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Bristol Palin Can See Unicorns From Her House

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It's springtime in Wasilla, and the air must be very thin indeed. Yesterday, Bristol Palin was announced as a new national ambassador for the teenage abstinence organization, Candies. No, there's no punch line. Given the regularity with which the various members of Alaska's gothic first family, both indicted and unindicted, have appeared in the news since Mrs. Palin's failed run for vice president last fall (turning the American media into their own personal haunted house in the process) yesterday's news of Bristol's new role was more like turning the dial to a reality show and seeing familiar cast member who has inexplicably not as yet been voted off Pop Culture Island.

OK, I have to ask: How on earth does Bristol Palin find time to fly around singing the praises of sexual abstinence, between pursuing that elusive high school diploma and caring for the son she and Levi Johnston had as...well...teenagers not practicing sexual abstinence? And second of all, why is the daughter of Alaska's increasingly unpopular governor still in the news at all?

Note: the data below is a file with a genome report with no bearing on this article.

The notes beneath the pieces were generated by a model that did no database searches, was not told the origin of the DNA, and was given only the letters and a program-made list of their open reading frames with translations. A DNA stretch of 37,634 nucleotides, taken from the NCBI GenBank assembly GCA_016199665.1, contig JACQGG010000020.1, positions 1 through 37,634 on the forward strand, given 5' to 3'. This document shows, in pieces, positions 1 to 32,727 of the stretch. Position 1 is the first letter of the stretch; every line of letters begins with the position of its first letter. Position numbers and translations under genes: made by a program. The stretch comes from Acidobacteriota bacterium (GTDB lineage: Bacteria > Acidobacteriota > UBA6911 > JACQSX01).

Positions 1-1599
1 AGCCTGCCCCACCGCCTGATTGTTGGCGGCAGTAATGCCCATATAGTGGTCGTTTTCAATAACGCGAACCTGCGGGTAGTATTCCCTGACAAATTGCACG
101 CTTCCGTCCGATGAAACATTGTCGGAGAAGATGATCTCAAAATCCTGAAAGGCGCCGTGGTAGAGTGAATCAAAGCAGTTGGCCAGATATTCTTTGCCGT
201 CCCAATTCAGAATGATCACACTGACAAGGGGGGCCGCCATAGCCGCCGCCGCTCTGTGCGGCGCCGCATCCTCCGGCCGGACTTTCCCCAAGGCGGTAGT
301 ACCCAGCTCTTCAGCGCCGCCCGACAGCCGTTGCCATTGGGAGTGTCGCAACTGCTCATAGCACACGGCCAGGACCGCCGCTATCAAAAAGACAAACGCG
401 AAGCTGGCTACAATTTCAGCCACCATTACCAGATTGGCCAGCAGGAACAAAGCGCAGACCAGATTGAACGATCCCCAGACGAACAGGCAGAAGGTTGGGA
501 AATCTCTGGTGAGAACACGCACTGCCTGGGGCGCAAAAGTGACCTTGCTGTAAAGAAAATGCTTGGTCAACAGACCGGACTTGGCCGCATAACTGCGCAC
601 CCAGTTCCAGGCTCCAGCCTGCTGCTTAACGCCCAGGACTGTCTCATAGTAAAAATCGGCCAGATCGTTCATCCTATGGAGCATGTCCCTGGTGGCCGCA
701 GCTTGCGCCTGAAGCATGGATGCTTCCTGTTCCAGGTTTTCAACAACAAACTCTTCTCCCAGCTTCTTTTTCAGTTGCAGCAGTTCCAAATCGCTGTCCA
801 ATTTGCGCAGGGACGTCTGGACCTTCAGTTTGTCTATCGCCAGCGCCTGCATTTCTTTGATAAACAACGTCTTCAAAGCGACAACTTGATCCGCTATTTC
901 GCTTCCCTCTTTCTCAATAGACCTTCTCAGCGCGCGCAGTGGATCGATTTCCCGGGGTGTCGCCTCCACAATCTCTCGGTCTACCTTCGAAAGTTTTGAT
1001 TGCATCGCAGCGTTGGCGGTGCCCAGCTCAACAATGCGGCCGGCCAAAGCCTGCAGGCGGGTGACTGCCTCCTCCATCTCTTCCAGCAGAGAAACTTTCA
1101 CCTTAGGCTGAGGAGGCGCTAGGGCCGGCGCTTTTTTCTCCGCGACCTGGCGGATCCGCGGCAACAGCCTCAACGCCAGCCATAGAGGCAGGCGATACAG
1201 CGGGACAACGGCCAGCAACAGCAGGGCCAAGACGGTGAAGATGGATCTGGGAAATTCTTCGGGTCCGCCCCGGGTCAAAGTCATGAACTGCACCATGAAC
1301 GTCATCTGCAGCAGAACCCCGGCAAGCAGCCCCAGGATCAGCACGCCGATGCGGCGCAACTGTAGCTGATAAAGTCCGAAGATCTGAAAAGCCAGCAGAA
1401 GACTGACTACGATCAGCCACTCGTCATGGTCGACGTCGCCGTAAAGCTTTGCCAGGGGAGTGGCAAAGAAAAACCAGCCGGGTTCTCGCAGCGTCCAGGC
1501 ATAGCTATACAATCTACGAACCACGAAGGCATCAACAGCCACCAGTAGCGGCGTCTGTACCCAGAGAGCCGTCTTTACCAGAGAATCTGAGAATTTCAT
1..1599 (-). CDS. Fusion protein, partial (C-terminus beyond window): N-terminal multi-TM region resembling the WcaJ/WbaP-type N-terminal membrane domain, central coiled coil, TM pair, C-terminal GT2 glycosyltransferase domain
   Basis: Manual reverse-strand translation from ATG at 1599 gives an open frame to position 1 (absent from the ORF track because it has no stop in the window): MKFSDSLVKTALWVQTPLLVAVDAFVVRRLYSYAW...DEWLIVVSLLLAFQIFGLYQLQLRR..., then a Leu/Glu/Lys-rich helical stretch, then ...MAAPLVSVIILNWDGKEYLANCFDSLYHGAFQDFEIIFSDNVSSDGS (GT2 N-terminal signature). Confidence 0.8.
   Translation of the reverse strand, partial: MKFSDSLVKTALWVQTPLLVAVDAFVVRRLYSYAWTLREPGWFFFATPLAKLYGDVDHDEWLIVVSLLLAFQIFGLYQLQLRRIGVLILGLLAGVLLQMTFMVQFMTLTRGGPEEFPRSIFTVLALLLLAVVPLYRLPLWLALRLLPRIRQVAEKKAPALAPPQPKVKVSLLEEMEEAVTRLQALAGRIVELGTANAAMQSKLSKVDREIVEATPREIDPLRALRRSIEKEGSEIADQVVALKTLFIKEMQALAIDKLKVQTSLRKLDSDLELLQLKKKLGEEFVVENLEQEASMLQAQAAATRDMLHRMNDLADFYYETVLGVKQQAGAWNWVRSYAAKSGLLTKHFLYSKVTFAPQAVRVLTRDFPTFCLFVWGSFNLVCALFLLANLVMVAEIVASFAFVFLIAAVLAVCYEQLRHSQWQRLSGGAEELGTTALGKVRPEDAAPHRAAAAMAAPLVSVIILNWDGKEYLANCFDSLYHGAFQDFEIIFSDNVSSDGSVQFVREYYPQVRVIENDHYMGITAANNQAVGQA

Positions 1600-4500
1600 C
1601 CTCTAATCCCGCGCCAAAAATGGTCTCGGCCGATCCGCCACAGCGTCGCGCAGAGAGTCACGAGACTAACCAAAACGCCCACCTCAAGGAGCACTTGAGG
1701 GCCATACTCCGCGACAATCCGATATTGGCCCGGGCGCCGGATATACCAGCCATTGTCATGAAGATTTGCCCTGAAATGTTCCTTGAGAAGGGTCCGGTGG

Cynic that I am, I confess that my first thought was, Bristol Palin is the last person on earth anyone would want as a poster girl for "abstinence education" for several reasons besides the obvious one.

For one thing, her pregnancy was the most glaring proof that the theocratic moral agenda her mother was so hellbent to impose on everyone else's family didn't even work in her own family.